Back To The Future With Josh Holliday

I was working at KFOR-TV in Oklahoma City when I traveled to Omaha, Neb., in 1987 to cover Oklahoma State in the College World Series. On the day before the tournament began, as the Cowboys were unloading their bus and preparing to head into old Johnny Rosenblatt Stadium for a workout, the media cornered head coach Gary Ward and I asked Ward how he was feeling about the start of the tournament.

Ward addressed everything imaginable outside of the pursuit of world peace for the next nine minutes and 14 seconds. I used bits and pieces of that answer for the next week, even after the Cowboys were two or thre games deep into the College World Series. That was Ward. He was full of talk, but talk that meant something.

He also was driven by passion, the passion for baseball, for his players, and for Oklahoma State.

On Friday afternoon, OSU athletic director MIke Holder announced a short search had concluded and that Josh Holliday was coming home to be the new head baseball coach at his alma mater.

Holliday is the son of long-time Oklahoma State assistant coach Tom Holliday, who served with Ward. It was Tom Holliday that succeeded Ward, and it was Josh Holliday that grew up watching Ward's teams, played for his dad, coached for his dad, and inherited all the passion posible for Oklahoma State baseball.

Holliday recently has coached at Georgia Tech, Arizona State and Vanderbilt while developing the reputation of being a top young assistant and one of the best recruiters in the nation.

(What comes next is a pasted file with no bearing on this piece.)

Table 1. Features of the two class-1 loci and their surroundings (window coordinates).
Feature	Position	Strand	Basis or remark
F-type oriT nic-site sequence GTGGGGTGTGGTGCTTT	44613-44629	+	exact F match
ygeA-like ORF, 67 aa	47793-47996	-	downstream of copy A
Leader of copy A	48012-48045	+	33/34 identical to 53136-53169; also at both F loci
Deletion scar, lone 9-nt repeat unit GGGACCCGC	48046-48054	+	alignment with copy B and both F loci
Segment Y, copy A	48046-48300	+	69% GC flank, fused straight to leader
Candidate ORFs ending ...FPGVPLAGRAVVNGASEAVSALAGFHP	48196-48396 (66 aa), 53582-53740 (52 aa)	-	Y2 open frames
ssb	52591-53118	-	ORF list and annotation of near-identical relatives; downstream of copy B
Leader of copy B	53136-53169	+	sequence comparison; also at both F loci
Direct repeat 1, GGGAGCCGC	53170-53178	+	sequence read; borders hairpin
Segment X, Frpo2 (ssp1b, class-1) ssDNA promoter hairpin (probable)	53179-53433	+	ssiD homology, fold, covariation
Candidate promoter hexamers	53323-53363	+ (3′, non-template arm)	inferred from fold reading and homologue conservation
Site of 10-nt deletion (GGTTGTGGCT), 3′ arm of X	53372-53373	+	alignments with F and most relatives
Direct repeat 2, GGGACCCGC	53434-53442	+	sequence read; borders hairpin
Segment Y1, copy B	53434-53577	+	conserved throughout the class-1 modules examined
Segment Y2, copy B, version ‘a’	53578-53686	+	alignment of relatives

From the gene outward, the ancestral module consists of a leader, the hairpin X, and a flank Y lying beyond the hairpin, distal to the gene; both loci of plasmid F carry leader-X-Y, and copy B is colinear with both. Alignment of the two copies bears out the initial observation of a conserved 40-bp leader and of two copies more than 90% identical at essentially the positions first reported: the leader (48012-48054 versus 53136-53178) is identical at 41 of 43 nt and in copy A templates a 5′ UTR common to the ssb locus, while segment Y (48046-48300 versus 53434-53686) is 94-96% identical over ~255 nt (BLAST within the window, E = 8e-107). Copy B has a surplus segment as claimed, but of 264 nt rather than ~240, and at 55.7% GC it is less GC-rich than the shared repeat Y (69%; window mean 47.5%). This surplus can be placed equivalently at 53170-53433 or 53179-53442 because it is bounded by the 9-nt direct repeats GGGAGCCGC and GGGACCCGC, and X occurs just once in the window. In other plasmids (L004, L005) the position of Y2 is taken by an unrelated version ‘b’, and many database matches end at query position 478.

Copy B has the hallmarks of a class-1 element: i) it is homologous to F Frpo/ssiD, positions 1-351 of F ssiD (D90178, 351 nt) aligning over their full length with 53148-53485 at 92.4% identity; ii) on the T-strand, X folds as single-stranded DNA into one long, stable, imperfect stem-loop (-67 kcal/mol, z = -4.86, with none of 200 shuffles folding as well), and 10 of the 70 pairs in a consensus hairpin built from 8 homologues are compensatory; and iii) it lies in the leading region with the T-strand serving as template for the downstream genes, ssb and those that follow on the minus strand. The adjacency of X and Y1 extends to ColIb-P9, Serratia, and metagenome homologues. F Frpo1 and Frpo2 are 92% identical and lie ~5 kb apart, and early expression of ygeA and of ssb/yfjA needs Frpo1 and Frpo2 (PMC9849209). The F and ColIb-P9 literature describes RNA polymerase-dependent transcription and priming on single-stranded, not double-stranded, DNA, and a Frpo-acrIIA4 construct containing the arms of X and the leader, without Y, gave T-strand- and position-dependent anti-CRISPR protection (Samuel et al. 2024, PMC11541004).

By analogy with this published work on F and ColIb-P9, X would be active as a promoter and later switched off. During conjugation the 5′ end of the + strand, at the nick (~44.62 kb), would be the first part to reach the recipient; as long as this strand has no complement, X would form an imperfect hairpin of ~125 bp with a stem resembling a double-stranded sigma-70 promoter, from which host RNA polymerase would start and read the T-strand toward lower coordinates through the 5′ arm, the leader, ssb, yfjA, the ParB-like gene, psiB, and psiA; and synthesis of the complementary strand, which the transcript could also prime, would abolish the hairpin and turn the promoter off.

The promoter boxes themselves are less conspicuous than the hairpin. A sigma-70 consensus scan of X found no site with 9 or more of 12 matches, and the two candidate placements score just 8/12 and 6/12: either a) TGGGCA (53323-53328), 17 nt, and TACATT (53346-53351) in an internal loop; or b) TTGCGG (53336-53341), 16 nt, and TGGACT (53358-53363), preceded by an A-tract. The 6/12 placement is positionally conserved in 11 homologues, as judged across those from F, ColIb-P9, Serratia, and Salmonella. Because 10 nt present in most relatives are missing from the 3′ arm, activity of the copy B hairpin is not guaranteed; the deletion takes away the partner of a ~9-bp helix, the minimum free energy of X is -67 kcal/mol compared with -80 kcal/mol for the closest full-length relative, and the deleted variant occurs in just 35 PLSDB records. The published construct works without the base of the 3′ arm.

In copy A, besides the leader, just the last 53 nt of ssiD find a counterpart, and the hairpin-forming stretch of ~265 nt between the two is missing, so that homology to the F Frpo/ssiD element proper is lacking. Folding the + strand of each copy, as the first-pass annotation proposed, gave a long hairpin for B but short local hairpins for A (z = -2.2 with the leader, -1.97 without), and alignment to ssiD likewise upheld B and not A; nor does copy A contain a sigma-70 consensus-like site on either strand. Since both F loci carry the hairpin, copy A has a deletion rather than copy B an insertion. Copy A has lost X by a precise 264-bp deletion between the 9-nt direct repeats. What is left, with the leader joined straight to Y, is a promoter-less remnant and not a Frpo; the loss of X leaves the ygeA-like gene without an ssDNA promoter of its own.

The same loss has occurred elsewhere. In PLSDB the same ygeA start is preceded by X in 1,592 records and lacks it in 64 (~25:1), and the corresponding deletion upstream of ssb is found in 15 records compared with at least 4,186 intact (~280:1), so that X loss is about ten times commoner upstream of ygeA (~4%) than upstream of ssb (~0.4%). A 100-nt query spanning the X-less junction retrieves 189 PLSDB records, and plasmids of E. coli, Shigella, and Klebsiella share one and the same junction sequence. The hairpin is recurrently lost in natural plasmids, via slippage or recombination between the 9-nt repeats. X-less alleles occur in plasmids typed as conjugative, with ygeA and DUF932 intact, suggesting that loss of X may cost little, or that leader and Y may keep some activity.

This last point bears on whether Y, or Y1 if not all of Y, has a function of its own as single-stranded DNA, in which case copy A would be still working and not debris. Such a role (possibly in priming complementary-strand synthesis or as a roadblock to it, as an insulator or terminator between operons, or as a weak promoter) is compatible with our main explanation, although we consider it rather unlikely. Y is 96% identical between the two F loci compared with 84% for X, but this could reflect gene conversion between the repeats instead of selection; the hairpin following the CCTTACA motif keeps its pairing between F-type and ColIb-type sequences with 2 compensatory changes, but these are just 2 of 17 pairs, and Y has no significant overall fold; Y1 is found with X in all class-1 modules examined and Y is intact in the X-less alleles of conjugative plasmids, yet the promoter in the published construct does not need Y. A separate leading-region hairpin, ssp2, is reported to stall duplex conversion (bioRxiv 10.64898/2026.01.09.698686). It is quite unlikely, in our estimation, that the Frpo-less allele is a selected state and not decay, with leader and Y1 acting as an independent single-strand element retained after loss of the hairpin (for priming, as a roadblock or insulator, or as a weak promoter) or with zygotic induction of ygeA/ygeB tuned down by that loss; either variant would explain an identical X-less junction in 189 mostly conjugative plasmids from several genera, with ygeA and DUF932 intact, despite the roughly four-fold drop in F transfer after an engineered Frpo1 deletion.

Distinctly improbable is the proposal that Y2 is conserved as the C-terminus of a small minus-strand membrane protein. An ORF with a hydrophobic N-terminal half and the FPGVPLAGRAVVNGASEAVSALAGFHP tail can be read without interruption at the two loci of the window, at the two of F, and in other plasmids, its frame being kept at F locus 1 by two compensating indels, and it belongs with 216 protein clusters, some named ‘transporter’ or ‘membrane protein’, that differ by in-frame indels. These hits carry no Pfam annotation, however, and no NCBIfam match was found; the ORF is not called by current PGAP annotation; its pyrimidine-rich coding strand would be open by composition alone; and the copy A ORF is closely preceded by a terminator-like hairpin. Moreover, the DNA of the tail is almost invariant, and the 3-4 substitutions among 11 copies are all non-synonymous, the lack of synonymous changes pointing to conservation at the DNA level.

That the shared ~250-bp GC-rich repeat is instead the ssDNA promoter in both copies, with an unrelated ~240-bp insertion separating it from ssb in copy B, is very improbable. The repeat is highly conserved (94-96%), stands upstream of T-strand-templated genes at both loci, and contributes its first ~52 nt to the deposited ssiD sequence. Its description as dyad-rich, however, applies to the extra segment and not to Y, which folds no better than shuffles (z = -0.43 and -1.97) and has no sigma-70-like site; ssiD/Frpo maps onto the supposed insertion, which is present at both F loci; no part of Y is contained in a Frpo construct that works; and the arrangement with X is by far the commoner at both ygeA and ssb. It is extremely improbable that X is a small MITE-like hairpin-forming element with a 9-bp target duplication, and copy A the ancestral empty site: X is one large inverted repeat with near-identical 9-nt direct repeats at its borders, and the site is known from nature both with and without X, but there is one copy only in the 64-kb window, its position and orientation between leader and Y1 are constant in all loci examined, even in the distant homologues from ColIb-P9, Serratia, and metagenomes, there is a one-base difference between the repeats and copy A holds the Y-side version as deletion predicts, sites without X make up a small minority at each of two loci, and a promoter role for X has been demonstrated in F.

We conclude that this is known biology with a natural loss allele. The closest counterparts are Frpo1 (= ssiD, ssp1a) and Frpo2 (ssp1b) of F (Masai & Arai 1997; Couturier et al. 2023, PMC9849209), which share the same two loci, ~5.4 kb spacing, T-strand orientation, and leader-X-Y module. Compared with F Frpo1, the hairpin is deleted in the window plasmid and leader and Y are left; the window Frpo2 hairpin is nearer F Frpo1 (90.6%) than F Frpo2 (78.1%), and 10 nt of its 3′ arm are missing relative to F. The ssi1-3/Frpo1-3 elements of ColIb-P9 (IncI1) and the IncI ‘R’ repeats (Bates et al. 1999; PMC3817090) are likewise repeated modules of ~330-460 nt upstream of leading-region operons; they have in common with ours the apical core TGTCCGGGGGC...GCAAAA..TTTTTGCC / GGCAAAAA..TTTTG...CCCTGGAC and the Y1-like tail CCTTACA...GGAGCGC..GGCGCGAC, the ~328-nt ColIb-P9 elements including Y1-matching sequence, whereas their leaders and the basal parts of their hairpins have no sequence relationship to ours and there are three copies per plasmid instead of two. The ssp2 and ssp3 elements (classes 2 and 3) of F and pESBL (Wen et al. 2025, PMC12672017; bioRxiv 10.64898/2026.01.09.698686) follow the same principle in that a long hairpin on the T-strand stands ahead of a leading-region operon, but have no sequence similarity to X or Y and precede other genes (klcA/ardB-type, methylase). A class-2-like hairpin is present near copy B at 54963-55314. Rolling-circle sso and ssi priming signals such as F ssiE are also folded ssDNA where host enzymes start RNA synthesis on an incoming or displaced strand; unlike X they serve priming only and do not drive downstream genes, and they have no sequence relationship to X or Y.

One listen to the press conference where he was introduced by Holder, or his answer to any number of question including mine on what it will be like to recruit to Oklahoma State, and it was obvious the passion is back. It was an answer where he said it will be easy because his message will be delivered from the heart after spending several minutes, more like five, actually practicing his pitch on the press conference audience.

Cowboys baseball radio voice Rex Holt proclaimed his job just got easier because he will only have to likely ask two questions during the 30-minute radio coaches show as Holliday's two answers will fill the time.

"He's the best of the very best," said Vanderbilt head coach Tim Corbin, Holliday's most recent boss. "He has rare qualities, is very smart, but humble and is a tremendous teacher. He is in coaching for the right reasons. I love he, his wife, and his kids.

"They are a perfect college baseball family. Oklahoma State is very fortunate to have Josh and his family back in Stillwater. The community will experience a very positive and healthy culture because of his presence. Personally, we will miss Josh and his family greatly."

I understand what Corbin means and I saw it when Josh was just a player. Even then he was coaching. He could coach his teammates out of slumps.

One time, I asked Josh if he would work with my son, Zach. He was 11 years old at the time and in a slump that a kid thinks will keep him from hitting the ball ever again. Two hours with Josh and Zach went on a one-month tear that included eight home runs and an average close to .500. It was mental and Holliday was able to create a positive mental outlook in a little kid, something he know does quite well with college baseball players and is capable of doing with college baseball fans and in Stillwater there are a number of them that need it.

A little dose of passion will be good too.

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